then choose it. Plan to send a monthly donation to that
organization and continue sending that donation as long as you
From the first days after the hurricane, our
community has supported those victimized by the storm, the
government and the greedy corporate sector. We did it then
and we can do it now. We can support the struggle to save
neighborhoods, have decent housing, jobs and other needed
services. You can make those dreams come true.
You DO Make the
Difference. Please make the letter, your appeal and sign your
name to it. Remember to pass it on to all your family and
friends. And keep in touch with each other. Let everyone
know if an organization is meeting its announced intentions and
Rudy: Three of the organizations listed are not local
organizations and it is not clear what local leadership any
provide or will provide the black poor in "their
fight to return to their homes." From the website of NAACP,
it is clear that their program is not for the poor, but rather
for the black middle class. American Friends is not a community
or local organization for the black poor. Cindy Sheehan is not
even a native of New Orleans nor Louisiana. ACORN, also, is not
an indigenous organization
If I were people
inclined toward donating money so that the black poor can wage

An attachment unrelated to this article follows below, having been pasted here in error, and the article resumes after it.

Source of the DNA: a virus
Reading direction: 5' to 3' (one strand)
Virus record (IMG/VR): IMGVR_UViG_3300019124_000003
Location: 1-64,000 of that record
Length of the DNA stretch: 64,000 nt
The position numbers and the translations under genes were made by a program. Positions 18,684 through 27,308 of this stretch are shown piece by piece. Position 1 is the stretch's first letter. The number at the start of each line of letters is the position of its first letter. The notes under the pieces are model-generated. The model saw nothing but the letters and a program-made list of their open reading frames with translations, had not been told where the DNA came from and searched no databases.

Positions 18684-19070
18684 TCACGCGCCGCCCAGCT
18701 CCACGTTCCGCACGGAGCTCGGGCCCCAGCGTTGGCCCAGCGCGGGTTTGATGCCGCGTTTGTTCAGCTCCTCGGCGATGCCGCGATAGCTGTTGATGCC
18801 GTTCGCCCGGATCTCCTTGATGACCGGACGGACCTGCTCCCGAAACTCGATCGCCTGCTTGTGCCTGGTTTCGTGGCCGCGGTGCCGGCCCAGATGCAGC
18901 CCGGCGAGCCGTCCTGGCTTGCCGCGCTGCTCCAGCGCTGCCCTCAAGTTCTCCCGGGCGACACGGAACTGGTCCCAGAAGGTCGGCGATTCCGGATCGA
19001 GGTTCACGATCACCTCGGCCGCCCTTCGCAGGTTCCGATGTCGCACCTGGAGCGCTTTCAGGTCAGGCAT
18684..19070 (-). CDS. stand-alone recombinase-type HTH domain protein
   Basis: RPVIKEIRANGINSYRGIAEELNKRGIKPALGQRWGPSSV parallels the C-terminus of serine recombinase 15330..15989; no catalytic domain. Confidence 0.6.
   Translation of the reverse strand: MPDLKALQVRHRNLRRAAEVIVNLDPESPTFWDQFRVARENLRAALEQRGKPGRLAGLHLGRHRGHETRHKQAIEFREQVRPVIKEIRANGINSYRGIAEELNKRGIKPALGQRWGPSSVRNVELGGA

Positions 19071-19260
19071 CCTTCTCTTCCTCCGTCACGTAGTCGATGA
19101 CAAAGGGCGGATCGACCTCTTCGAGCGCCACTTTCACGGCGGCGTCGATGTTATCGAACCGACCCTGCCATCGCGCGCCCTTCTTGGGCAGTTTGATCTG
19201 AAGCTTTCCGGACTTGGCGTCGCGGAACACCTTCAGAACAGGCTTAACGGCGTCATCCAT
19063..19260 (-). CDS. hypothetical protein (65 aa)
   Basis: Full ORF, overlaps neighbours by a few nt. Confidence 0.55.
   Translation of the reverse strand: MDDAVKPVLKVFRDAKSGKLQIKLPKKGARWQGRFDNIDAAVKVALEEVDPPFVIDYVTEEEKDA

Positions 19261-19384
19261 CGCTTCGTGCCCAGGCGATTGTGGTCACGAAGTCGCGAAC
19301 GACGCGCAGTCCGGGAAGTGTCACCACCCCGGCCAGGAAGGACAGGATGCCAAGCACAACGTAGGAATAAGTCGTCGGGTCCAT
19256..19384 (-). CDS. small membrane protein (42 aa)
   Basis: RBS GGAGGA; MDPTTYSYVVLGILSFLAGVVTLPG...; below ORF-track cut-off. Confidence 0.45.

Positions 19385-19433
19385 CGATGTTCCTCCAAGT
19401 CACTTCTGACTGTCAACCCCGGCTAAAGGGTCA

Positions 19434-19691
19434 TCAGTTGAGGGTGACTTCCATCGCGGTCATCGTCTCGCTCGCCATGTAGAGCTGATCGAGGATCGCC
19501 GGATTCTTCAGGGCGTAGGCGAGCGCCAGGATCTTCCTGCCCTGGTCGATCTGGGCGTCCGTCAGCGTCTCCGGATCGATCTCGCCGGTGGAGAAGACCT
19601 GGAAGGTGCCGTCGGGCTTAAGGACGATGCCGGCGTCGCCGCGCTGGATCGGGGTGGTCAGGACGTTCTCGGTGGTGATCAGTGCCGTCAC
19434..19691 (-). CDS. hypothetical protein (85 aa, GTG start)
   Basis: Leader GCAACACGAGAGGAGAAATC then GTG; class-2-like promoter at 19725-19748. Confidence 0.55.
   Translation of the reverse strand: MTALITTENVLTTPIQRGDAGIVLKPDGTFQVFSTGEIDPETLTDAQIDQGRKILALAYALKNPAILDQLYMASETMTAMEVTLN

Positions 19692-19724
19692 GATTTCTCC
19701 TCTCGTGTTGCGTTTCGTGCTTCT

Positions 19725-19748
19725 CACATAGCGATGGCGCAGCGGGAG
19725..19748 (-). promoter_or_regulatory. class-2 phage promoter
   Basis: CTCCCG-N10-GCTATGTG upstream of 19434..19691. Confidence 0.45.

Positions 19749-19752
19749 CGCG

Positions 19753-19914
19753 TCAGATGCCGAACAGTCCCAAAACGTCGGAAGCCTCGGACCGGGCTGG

battle to return home to New Orleans, I would want to see
the program of these organizations and I'd look for
organizations that are indeed indigenous.
The 9th Ward was worst
hit and it has an elected representative. For instance,
Charmaine L. Marchand, State Representative of that District 99,
containing the 9th Ward, has posted this information: “If
you are a concerned individual or represent a business entity
that is interested in assisting and want your dollars to go
directly to one of the hardest hit areas of Hurricane Katrina
and Hurricane Rita's flooding, please consider contributing to
CARECorp., LLC.” She is receiving contributions at CARECORP,
9th Ward Relief, 4138 Saint Claude Avenue, Suite C, New Orleans,
Brisbane: Thanks for clarifying the list Rudy. It was
organized from several lists published by various groups after
Katrina. If other people know about groups that are